Located in the central western portion of the City of St. Louis is the neighborhood of West End. Though located in the same region and bearing a similar name, the area has no real connection to the Central West End. West End’s boundaries are defined by Page Avenue at the north, Delmar Boulevard towards the south, Union Boulevard to the east and the city limits towards the west.
West End’s population, at the time of the 2010 census, is calculated at nearly 6,574 residents. The neighborhood covers nearly 1.02 total square miles of land and includes zip codes 63112 and 63130. It is represented by three aldermen sitting in the 22nd, 26th and 28th Wards. Two landmarks that define West End’s development origins are the West Cabanne Place District and the Emmanuel DeHodiamont House.
The West Cabanne Place District dates back as early as 1888 when its main street, West Cabanne, was platted as a private street including many “Shingle Style” houses. This design was defined as a new “American” architectural fashion that remained popular throughout the later portion of the 1800s. Notable St. Louis architects and entrepreneurs, such as Theodore Link and Charles Ramsey, were super influential in the area’s settlement as they purchased several lots and built large homes that quickly defined the region. In 1979, the West Cabanne Place District was named a National Register of Historic Places designated district.
Located in the western portion of the neighborhood is the Emmanuel DeHodiamont House which, along with the Lewis Bissell House in the College Hill neighborhood, is one of the oldest residencies within the City of St. Louis. Constructed in 1830 by a local farmer Emmanuel DeHodiamont, it is the oldest privately-owned building in all of St. Louis. He continued to live and farm around the area until 1871 when he sold the house and any adjacent farming land to speculators.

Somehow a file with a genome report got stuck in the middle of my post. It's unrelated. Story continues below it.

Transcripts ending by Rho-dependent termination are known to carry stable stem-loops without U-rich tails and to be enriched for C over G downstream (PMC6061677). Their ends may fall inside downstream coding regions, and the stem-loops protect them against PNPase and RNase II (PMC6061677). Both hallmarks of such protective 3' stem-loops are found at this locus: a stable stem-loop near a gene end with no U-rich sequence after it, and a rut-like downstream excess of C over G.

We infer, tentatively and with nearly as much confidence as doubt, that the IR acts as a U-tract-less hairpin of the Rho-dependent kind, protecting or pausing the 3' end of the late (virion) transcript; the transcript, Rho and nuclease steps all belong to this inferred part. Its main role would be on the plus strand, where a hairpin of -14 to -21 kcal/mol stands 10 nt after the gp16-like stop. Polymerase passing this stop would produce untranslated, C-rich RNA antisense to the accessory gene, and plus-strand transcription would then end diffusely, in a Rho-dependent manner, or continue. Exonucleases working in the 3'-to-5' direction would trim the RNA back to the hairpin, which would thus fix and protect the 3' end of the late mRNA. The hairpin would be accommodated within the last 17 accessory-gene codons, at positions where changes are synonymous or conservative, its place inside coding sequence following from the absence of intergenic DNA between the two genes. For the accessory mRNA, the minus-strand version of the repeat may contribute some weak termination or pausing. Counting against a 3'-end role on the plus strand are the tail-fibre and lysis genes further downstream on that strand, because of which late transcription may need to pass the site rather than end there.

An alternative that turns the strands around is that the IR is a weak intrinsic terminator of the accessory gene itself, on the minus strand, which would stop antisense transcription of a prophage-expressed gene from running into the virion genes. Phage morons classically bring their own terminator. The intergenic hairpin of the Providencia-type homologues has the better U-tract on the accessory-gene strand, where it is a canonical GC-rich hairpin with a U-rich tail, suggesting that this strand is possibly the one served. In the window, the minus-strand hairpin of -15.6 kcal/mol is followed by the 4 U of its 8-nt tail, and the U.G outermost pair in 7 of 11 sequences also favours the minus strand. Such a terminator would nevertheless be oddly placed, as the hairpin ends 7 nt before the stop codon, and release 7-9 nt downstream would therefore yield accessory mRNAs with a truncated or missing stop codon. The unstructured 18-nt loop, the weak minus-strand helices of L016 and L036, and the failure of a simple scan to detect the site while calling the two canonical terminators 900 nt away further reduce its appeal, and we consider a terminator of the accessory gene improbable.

The house is significant for being one of the earliest stone-built residences and one of the first in the region to relish in the “Gothic Revival” style of architecture when it was modified in 1875. It was listed as a St. Louis Landmark in the summer of 1966 and was placed on the National Register of Historic Places in 2002.
Residents of West End are served by the St. Louis Public School District.
Covering nearly three acres, Parkland Park is a colorful park that opened to the public in 1968 and resembles a snapshot in time of popular park layouts during the late 1960s and 1970s. Forted concrete walls create a private playground feel for the park.
Named after Baron Jeffrey Amherst, a British army officer during the French and Indian War, Amherst Park is the largest within West End’s boundaries covering almost four and a half acres of land. Opening in 1970, the park has large open space and walking trails.
|Aldermen||Jeffrey Boyd – Ward 22|
|Aldermen||Frank Williamson – Ward 26|
|Aldermen||Heather Navarro – Ward 28|
|Neighborhood Improvement Specialist||Patricia Jackson - Ward 22|
|Neighborhood Improvement Specialist||Jo Ann Rankins-Cannon - Ward 26|
|Neighborhood Improvement Specialist||Brian Kolde - Ward 28|